By Psychologist Paula Lorimer
Thanksgiving is just around the corner. It’s a time to spend with loved ones, to enjoy a great meal together, and to give thanks for the abundance in our lives. We celebrate one day a year to give thanks. What about the rest of the year – how important is gratitude in our lives? Gratitude means to be grateful or thankful for what you currently have in your life. Not for what you wish you had or are lacking. It’s a present experience of acknowledging and giving thanks for the things, people, and circumstances already in your life. It turns out gratitude is important for overall health and well-being. According to new research being done gratitude is important in our day-to-day lives and it’s a practice that leads to healthier and more rich and fulfilling lives. Dr. Robert Emmons has been studying gratitude and has found that a daily practice of thinking about and being grateful for the things in your current life have these benefits:
- Stronger immune system
- Lower blood pressure
- Take better care of your health
- Better sleep
Grateful people tend to be more optimistic, which has a positive health impact on those with health issues. In separate studies patients with AIDS and those preparing for surgery had better health outcomes when they were optimistic.
- Experience of positive emotions
- More optimism and happiness
- Helps manage stress
- Helps cope with loss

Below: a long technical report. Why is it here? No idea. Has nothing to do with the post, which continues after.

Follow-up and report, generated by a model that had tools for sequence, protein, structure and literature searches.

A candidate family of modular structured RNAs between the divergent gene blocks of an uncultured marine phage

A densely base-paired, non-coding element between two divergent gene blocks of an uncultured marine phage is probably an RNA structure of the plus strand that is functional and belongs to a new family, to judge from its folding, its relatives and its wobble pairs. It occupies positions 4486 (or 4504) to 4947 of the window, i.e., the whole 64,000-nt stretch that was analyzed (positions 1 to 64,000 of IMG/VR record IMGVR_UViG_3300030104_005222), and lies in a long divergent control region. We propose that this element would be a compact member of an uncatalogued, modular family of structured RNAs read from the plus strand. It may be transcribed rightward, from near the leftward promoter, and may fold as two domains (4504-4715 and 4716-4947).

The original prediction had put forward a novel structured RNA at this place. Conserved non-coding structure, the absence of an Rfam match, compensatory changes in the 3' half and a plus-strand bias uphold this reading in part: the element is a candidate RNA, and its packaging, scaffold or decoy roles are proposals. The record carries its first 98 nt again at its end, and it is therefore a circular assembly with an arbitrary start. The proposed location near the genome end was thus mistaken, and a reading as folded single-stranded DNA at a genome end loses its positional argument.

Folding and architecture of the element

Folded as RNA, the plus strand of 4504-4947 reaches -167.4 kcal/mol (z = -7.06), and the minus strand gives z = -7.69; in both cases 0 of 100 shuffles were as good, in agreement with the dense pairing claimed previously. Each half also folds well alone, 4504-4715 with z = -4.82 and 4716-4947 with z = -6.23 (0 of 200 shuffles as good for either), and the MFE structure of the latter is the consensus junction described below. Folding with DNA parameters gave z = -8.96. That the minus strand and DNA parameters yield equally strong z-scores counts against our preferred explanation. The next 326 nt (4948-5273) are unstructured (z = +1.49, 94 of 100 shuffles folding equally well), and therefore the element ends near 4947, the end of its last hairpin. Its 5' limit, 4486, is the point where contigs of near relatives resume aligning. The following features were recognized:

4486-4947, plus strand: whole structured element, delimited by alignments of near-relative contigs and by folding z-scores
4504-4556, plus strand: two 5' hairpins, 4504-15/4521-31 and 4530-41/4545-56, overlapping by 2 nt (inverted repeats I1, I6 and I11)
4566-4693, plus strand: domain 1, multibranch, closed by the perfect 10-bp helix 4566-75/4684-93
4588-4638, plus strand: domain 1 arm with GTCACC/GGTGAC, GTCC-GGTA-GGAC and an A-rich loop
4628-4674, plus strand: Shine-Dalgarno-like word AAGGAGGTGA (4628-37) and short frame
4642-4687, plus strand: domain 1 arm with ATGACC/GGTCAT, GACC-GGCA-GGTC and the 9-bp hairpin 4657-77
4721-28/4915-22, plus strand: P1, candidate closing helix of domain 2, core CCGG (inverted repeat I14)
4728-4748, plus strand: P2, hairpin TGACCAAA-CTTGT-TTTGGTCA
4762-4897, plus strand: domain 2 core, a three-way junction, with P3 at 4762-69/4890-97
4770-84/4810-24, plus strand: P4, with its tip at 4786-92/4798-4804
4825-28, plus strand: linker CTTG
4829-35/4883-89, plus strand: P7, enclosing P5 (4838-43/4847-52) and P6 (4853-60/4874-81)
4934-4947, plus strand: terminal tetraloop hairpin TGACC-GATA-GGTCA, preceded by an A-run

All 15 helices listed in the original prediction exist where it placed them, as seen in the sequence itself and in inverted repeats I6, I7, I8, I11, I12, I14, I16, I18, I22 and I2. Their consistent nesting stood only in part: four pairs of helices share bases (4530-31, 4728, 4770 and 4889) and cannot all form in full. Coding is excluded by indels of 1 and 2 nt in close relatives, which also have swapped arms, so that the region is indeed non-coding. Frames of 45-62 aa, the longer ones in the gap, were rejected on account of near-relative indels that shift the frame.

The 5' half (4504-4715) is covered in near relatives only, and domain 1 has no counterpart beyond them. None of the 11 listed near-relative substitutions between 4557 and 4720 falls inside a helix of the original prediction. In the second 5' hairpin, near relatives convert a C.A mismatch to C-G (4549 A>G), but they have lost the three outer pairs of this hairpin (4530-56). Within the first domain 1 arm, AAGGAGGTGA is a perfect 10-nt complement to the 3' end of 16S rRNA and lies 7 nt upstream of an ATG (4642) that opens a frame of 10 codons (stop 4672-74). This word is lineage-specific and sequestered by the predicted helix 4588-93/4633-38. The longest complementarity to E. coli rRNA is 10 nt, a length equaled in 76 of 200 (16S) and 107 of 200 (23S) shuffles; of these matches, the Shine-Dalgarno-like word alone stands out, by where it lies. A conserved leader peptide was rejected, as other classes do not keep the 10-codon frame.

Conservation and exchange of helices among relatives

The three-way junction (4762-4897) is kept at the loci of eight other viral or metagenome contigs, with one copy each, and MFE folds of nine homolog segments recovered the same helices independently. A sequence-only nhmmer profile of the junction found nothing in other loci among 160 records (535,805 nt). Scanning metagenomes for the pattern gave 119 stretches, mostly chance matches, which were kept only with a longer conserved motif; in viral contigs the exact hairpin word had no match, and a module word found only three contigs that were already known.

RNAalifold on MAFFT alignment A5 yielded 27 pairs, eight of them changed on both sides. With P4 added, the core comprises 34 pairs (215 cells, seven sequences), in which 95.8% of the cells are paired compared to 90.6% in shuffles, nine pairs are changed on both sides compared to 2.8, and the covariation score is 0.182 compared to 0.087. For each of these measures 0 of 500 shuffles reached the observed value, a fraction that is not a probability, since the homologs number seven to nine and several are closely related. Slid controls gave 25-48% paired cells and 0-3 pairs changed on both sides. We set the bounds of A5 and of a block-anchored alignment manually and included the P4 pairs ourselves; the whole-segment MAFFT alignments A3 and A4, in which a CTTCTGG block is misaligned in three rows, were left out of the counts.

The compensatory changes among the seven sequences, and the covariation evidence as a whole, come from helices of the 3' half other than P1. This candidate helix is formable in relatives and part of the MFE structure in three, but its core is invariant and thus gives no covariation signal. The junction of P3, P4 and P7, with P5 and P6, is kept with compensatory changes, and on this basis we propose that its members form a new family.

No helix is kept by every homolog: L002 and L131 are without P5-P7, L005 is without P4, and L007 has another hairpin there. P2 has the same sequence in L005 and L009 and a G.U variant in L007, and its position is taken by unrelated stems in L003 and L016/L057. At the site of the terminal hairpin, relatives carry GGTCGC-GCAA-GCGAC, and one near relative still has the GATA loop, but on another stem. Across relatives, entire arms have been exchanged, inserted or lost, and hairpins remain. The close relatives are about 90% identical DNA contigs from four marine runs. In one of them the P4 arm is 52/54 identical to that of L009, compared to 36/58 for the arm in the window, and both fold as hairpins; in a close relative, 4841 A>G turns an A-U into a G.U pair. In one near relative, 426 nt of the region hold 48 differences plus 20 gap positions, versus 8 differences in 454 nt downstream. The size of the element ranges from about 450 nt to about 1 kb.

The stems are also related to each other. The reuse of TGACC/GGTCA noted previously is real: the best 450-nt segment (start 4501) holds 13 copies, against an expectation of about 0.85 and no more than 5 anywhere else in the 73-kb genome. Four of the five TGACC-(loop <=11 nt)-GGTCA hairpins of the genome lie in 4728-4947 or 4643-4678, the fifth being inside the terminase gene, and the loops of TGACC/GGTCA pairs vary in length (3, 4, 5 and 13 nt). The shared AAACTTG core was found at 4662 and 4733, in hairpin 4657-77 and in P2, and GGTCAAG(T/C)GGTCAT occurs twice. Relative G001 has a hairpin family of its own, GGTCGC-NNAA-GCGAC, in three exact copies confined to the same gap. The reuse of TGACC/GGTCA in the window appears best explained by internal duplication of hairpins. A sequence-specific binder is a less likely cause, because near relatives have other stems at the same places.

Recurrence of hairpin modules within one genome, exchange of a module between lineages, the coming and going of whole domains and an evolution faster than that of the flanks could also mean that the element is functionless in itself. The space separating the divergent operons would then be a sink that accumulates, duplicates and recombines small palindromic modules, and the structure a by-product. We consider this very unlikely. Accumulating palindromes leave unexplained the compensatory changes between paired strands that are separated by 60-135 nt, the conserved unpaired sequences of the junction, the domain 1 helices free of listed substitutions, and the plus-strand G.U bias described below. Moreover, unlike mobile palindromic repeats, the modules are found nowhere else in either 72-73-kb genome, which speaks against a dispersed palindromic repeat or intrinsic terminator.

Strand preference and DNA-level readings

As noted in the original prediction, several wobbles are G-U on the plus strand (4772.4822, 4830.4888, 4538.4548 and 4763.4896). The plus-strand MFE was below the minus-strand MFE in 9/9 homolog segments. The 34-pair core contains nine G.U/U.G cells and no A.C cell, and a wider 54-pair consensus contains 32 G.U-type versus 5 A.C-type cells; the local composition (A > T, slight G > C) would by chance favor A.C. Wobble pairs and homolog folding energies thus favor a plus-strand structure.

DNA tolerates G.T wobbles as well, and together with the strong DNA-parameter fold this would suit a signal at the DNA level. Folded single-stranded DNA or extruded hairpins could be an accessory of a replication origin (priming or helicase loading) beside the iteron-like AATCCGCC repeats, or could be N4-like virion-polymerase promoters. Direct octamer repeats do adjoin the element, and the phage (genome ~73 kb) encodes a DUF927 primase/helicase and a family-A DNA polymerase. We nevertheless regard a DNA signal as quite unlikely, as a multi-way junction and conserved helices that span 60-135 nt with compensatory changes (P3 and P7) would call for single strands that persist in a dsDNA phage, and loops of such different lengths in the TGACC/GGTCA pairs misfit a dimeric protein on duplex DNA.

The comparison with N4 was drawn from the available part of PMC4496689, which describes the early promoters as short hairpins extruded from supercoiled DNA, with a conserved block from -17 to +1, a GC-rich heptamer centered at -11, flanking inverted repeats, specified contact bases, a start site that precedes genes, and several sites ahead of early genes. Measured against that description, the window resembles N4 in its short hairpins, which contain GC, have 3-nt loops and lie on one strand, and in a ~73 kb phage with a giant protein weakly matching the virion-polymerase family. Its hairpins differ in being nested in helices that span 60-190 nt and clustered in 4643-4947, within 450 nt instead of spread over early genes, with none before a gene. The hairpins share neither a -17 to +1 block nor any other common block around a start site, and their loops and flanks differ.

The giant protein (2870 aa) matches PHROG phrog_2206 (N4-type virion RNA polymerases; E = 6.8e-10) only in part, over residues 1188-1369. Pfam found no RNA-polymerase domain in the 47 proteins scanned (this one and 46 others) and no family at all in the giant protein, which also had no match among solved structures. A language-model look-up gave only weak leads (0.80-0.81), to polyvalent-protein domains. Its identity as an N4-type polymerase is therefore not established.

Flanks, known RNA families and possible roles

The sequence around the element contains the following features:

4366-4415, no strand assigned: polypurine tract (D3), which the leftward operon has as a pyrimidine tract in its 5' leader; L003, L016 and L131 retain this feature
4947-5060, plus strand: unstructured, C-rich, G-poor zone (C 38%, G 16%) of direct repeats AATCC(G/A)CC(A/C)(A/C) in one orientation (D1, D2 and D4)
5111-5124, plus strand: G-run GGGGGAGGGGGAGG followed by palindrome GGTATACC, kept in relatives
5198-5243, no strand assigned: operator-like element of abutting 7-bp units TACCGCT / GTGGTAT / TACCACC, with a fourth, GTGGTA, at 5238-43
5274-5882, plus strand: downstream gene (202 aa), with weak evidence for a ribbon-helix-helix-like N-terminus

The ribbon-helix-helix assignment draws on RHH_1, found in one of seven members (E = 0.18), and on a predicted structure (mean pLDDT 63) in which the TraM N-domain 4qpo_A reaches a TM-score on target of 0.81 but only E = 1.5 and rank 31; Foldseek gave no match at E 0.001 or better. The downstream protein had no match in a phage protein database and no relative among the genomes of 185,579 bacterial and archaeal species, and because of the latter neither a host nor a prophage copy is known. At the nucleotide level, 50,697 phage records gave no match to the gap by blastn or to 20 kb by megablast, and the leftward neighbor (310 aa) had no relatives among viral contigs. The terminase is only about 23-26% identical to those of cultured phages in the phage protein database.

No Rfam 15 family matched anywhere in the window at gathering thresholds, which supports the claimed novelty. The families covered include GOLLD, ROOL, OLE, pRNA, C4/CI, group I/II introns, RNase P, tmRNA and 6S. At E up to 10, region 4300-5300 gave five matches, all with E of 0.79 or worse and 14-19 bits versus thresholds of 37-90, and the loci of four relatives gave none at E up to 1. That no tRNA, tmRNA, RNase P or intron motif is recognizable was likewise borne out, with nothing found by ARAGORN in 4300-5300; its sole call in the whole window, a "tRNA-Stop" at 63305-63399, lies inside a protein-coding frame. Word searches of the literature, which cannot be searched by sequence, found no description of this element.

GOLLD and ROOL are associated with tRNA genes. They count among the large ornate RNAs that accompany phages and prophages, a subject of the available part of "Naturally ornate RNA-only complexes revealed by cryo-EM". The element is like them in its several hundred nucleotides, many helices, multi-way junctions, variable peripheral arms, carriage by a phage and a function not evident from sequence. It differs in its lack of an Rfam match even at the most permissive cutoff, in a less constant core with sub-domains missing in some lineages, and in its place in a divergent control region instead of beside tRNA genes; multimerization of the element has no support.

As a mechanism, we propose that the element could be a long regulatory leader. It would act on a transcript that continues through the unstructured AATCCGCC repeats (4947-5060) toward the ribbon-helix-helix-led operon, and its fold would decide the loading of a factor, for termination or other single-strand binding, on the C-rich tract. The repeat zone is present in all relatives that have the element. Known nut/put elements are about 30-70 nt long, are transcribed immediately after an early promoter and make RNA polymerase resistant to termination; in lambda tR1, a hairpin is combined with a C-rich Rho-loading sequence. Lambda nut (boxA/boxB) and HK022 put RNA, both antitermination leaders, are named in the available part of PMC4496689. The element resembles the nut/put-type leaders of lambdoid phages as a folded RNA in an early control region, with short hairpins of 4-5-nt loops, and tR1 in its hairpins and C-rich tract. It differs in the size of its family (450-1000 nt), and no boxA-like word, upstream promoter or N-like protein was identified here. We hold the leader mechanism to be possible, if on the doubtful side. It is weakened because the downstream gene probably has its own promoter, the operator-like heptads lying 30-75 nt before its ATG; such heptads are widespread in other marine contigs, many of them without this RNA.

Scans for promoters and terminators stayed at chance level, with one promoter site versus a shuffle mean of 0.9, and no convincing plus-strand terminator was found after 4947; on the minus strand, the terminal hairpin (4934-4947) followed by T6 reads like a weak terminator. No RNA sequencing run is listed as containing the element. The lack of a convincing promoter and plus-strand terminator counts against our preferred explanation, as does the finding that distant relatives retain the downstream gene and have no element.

- Higher self-worth
Grateful people are more stress resistant. Stress makes us sick. Reducing stress makes us healthier. A number of studies show that in the face of serious trauma or adversity, people with a grateful disposition recover more quickly. Gratitude, in its nature, blocks negative emotions such as resentment, regret, guilt, and sadness. All of which erode our sense of happiness. A 2008 study by psychologist Alex Wood in the Journal of Research in Personality, showed that gratitude could reduce depression symptoms.
- More outgoing
- Feel less lonely and isolated
- Better able to ask for and receive support
There are many benefits to being grateful everyday. And it’s free. You don’t need any program or a specialist, just a little time everyday to focus on and give thanks in your life. What are you grateful for? Anything in your life such as your partner, your job, getting a paycheck, your children, traits of yourself, your home, family etc. That’s not to say your life has to be perfect, that you never have conflict or worries. It doesn’t mean you always in a good mood or that inconvenient things don’t happen. Being grateful means you focus on positive things in your life. It means you pay attention to things of value and less attention to negativity. Take Note Write down 5 things every week you are grateful for. It gets easier with practice. Writing it down keeps you focused on gratitude. Keep note of things are you taking for granted in your life and instead celebrate them. Attitude of Gratitude Develop an attitude of gratitude in your daily life. Instead of focusing on all the things that don’t work in your day or life look for things to be grateful for. What does work in your life? What qualities do you possess that can improve things? Practice, Practice, Practice The old saying goes, ‘practice makes perfect’ is an unrealistic goal. I prefer ‘Practice makes Habit’. The more you do something the better you get at it. It takes conscious effort to change a mindset. And it gets easier each time. Practice gratitude for improved health and well-being.